The Baleh hydroelectric project, 95 km upriver from Kapit, will be SEB's biggest project, producing power from a 5,625 sq km catchment area, harnessed through a 588 sq km reservoir that is impounded by a 188 m high concrete faced rockfill dam. SEB CEO, Sharbini Suhaili mentioned in an interview last year, "the hydroelectric plant will generate an additional 1,285 MW of renewable energy to the grid when it is fully commissioned in 2025, and will help to meet Sarawak's vision for sustainable growth and prosperity."

Sejahtera Alam Energy (Geothermal Energy) – Indonesia

The harnessing of geothermal energy in Southeast Asia may not be as obvious as other sectors. Therefore, it might come as a surprise to many that Indonesia is expected to become the second-largest geothermal energy producer in the world. Leveraging on this is Sejahtera Alam Energy (SAE), a geothermal developer that will build the PLTP Baturraden geothermal plant, which is expected to generate 220 MW of electricity from three turbines. Output will be transmitted to five districts in Central Java - Banyumas, Brebas, Pemalang, Purbalingga, and Tegal.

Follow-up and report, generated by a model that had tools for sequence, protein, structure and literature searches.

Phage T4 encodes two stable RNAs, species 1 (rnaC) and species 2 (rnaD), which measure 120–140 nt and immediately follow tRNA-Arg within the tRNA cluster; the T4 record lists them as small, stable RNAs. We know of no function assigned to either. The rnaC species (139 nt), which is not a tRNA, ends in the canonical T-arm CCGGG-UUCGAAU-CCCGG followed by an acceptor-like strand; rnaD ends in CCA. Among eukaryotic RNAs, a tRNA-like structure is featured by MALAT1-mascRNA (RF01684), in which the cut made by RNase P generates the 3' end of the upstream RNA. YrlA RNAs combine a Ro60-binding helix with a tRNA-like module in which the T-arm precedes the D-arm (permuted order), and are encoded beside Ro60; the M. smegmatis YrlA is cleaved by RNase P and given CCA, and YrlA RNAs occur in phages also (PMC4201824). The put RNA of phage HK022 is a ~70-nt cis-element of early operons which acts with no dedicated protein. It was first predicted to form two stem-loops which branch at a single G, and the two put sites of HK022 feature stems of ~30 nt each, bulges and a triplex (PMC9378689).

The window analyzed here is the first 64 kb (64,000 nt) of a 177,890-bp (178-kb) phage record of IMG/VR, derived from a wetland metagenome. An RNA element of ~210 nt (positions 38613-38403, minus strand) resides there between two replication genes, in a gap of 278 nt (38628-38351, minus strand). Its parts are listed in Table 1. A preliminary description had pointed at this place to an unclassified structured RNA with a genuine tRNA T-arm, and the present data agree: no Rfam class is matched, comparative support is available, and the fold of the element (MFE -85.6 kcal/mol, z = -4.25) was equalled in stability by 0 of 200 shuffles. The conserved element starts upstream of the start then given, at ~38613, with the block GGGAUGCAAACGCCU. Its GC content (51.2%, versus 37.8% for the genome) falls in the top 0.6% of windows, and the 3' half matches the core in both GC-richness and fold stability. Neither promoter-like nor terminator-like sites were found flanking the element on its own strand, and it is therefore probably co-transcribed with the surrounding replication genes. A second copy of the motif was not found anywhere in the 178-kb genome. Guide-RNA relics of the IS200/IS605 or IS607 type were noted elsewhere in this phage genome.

SAE obtained a 35-year concession from Indonesia’s Energy and Mineral Resources Ministry to develop a 24,660-hectares plot of land in Baturraden in 2010. As of now, its first well is in the exploration phase, while the plant is projected to become fully operational by 2022.

Making a difference for the planet

Global warming is not just a ‘trend term’ or a catch-phrase that is thrown about. It is a reality of today, with increased temperatures the world over a cause for unified concern. In such a situation, it is indeed an obligation for countries to come up with measures that could somewhat lessen the negative impact that global warming has on the planet. The renewable energy companies mentioned here are attempting to do just that. These entities have paved the way for a more thorough understanding of the importance in harnessing renewable energy resources, in both the short and long run.